Sleepy, grumpy, overtired teenagers are a hallmark of American schools. Does it have to be this way?
Does your teenager find it hard to get up for school in the morning? Is your teen cranky, overtired, perpetually running late, and rushing to get the school day started?
Your teenager is not alone—and it may not be your child’s fault. Consider this: most public school systems in America are operating contrary to the dictates of nature when it comes to teens and sleep.
Sleep is the third pillar of health, along with nutrition and movement, that keeps us healthy and balanced. Yet, as a society, we really undervalue the role of sleep in keeping us healthy.
In my work at St. Jude, I conduct research on sleep and fatigue in children undergoing treatment for cancer and in brain tumor survivors. So much of what we do is very specific to our patient population, but sleep has been my focus since the beginning of my career. And now, as the mother of teenage boys, I am personally interested in how sleep is affecting my own children.
The Science of Sleep
The American Academy of Pediatrics recommends middle and high schools delay the start of class to 8:30 a.m. or later. For teenagers, circadian rhythms (sleep/wake rhythms) become naturally delayed. This happens very close to the onset of puberty—their bodies don’t want to go to sleep before 10:30-11 p.m. Yet the Centers for Disease Control and Prevention recommends that teenagers aged 13-18 should get 8-10 hours per night.
Doing the math highlights the problem: If a teenager isn’t ready to sleep until 11 p.m., and has to be sitting in a desk at school for the first bell by 7 a.m., there just aren’t enough hours in the night to get enough sleep. Night after night, that teen will become chronically sleep-deprived.
Insufficient sleep contributes to making us overweight, sick and sluggish. We literally clean our brains while we sleep, washing away harmful toxins and making room for memories to be stored. In children and teenagers, poor or insufficient sleep is related to poorer organization, poorer memory, and academic difficulties.
And, frighteningly, chronic sleepiness is correlated to higher rates of depression and increased rates of automobile accidents.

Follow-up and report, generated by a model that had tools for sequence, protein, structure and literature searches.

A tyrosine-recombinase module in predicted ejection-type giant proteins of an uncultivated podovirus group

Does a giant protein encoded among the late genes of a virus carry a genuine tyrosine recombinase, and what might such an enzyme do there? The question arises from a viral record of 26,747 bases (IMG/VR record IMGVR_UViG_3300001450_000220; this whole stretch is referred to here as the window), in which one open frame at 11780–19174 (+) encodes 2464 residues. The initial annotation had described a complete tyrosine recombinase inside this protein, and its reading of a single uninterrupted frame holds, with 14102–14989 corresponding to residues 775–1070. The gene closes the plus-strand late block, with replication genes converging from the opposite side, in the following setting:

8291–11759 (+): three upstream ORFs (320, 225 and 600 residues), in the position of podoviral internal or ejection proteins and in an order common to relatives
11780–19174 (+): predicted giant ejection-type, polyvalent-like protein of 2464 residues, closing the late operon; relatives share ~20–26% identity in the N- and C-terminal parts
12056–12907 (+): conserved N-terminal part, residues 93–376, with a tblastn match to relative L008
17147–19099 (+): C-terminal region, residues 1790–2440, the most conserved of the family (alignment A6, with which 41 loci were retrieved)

Advocating for Later School Starts
It is for all these reasons that the AAP advocates for later school start times. The benefits of doing so aren’t hypothetical. Districts around the U.S. that have delayed school start times, such as in Seattle, Washington; Edina, Minnesota; Cherry Creek, Colorado; and Avonworth, Pennsylvania, have seen great rewards: teens getting more sleep, better grades, improved attendance, higher graduation rates, fewer tardies, less substance abuse, lower rates of depression, and dramatic decreases in automobile accidents.
And although some were worried teens would just stay up later if they could sleep later in the morning, this hasn’t happened. In the end, the teens with later starting schools get more sleep and do better during the day.
Unfortunately, in my own children’s school district in the Memphis area, school starts at 7 a.m., which is excessively early. Our high schools’ start times are among the earliest 10 percent in the United States. Students living the farthest from our local school have to be at the bus stop at 5:50 a.m. This means many must wake up at 5:15. For those who are falling asleep at 10:30 p.m., that is about six hours and 45 minutes of sleep, far less than the 8-10 their bodies need. It also means they’re awake about two-and-a-half or three hours before their brains are fully functional.
I choose to advocate locally on the topic. I’ve spoken before our local school boards and I’ve become a leader in the Start School Later movement around Memphis. I tell our leaders that no high school should start before 8:30 a.m., to accommodate the biology of teenage circadian rhythms. Some local schools have started to experiment with moving to later start times, but unfortunately, my own sons’ school hasn’t made a change yet.
So before you get frustrated or angry with your teen for going to bed too late, for hitting the snooze button too many times in the morning, or for sleeping in on the weekends, know that biology has a huge role in their sleep patterns.
Think about what kind of growing their young body is doing—remember, those circadian rhythms have great power—and consider advocating for healthy school start times in your own community.
Our schools follow CDC guidelines and AAP recommendations for everything from vaccination schedules to hand washing and all the other things that are really important for health. But they aren’t following the guidelines for later school start times. We must do better about understanding the importance of sleep for our health, and it should start with our education system.
You can find a local chapter of the Start School Later movement at https://www.startschoollater.net/